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Associated professor at the Cumming School of Medicine and the O'Brien Institute for Public Health at the University of Calgary. She was the lead author of the Cannabis Evidence Series, commissioned by the Alberta government to inform its provincial response to federal legalization.

The friendly market takeover of CanniMed Therapeutics by Aurora Cannabis will have a significant impact on the cannabis production and distribution landscape in Alberta.

And though predicting whether the development will be malignant or benign is difficult to do, the takeover is the largest deal in the budding sector to date and will have a tangible effect on provincial bureaucracy, government coffers and Alberta's economy, both as it affects Albertans and as it relates to Canada as a whole. As such, and for better or worse, it will at least marginally shape the social fabric of the province.

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Alberta was the first province to begin its policy development in preparation for cannabis legalization. The government began by commissioning a massive evidence synthesis (the Cannabis Evidence Series) covering five key topics: health effects and harms, medical cannabis, advertisement and communication regulations, experience with legalization in other jurisdictions and the current Canadian context. This fed directly into the Alberta Cannabis Framework, which is the beginning of the proposed legislation that will eventually regulate cannabis production, sales and use. The framework lays one of most unrestricted private markets of all the provinces so far, placing the province on a path to replace oil with pot.

On the plus side, Alberta is in need of economic diversification. With unemployment rates currently at 7 per cent, rejuvenated industry is what's required. Producing cannabis in a regulated environment requires security and traceability, well-developed compliance standards and processes, logistics for retail, packaging and processing, testing capabilities and protocols, not to mention grow warehouses and gardeners. The larger the operation, the more jobs will be generated. These jobs will be a mixture of higher- and lower-paid roles requiring a variety of professional skills. This is a good thing as many still struggle to find work after being laid off from the oil fields and the associated industries.

In Alberta, private retailers will sell cannabis to those wanting to purchase in-person. This is unlike some other provinces, who have chosen to establish government-operated retail outlets for cannabis, continuing the current model for alcohol sales. For those of us who remember the government-operated liquor store days of Alberta, privatization led to many more outlets, longer hours of operation and greater choice. If the same pans out for the cannabis market, we can expect to see a range of choices in style of outlet and product, driving further product diversification. With a major producer such as Aurora paving the way in Alberta, we may see early emergence of microgrowers further bolstering the industry.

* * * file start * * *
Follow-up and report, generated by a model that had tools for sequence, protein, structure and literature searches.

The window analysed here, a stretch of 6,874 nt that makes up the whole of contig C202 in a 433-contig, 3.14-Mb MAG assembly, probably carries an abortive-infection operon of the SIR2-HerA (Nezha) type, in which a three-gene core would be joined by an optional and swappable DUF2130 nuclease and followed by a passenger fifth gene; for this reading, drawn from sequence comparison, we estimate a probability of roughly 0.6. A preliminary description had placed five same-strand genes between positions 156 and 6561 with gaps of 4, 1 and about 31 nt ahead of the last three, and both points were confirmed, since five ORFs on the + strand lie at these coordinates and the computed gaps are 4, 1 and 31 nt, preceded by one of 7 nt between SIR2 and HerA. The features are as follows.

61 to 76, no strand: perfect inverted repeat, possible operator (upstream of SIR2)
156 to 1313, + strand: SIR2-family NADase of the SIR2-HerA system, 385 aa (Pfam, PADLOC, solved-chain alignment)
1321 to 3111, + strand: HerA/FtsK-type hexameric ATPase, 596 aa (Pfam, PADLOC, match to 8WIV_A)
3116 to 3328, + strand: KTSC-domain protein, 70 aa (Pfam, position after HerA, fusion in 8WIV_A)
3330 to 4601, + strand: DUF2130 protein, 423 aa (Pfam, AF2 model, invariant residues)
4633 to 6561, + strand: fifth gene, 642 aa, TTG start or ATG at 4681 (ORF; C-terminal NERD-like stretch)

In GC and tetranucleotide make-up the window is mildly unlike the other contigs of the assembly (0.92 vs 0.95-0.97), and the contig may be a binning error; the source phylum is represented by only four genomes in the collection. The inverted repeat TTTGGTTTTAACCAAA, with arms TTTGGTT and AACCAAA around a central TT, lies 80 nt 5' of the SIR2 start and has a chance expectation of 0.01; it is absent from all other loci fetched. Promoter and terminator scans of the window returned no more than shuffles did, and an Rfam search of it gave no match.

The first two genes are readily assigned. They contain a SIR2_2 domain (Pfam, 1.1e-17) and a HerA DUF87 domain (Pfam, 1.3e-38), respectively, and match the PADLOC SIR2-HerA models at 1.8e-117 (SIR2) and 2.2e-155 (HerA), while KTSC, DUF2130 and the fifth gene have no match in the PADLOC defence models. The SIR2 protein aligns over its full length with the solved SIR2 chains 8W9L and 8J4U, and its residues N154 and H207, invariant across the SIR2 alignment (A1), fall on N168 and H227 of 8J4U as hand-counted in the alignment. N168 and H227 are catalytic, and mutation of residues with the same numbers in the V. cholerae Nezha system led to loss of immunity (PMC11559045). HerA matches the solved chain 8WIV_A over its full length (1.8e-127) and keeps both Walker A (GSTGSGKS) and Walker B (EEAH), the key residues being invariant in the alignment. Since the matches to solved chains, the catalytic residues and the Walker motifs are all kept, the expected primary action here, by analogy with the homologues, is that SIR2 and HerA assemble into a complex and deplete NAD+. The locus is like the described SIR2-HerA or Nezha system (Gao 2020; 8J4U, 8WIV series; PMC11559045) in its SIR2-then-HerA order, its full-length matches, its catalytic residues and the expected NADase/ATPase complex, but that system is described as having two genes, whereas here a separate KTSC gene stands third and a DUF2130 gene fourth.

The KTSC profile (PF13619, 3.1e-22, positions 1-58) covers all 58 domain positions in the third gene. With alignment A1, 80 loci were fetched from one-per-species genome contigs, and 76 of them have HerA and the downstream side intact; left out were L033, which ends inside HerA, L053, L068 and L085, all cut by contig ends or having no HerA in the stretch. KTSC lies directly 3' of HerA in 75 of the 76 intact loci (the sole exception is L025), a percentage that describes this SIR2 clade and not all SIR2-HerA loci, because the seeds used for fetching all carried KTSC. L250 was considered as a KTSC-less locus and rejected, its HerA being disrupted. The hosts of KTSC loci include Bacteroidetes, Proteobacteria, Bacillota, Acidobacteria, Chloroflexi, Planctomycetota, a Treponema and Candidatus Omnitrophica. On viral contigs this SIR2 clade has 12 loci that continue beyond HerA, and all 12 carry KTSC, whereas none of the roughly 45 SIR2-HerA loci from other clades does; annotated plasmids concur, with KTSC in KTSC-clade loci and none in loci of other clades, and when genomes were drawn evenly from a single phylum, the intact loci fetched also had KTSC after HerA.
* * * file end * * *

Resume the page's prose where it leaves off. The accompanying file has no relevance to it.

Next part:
Online sales will be government operated. While the tendering process is unclear, one could assume that Aurora, having a strong foothold in Alberta, will be a major contender for role of supplier. If this occurs, the operation would likely expand again to meet an increased demand. All this production and sales will generate revenue. The province will see tax revenue from sales as well as corporate tax revenue from a healthy business market. But make no mistake, the administrative costs of the regulatory oversight required for this market will be substantial. But there are economies of scale; a minimum level of regulatory oversight infrastructure is required no matter the strength of the market.

Of course, one concern is who is going to smoke all this cannabis we are producing? According to the Canadian Alcohol and Drug Use Monitoring Survey completed by Statistics Canada in 2012, 34 per cent of Canadians report they had ever smoked and 11 per cent say they had smoked within the previous year. We already have among the highest rates of use globally. People are already sourcing their cannabis effectively.

The hope is that the legal market will be competitive enough against the black market to push people toward legal retail sources, which offer a safer, more consistent and regulated supply for a similar price. Based on the experiences of other jurisdictions that have legalized cannabis, there has not been a marked increase in use. But it is early days for everyone, with the first U.S. state only having legalized cannabis in 2012. We need to watch, learn and act nimbly in response to concerning trends.

Lastly, do we want this in our backyard? By all indications, cannabis will be legal in July. Yet there are many things that remain unknown. For example, what are the public health risks of working in a cannabis grow operation? What is the environmental impact of production facility waste? What are the societal impacts of having a grow operation as a major source of employment in a community?

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Much like the oil industry, we will come to learn the full impact of these choices over time. Alberta may reflect on this as the game-changing pivot point in economic diversity, or the choice that made it Canada's drug dealer.

Federal MP Bill Blair says studying the effects of legalized recreational marijuana will help to understand the impact of the country's new pot laws. The government announced on Wednesday $1.4 million for research into cannabis. The Canadian Press
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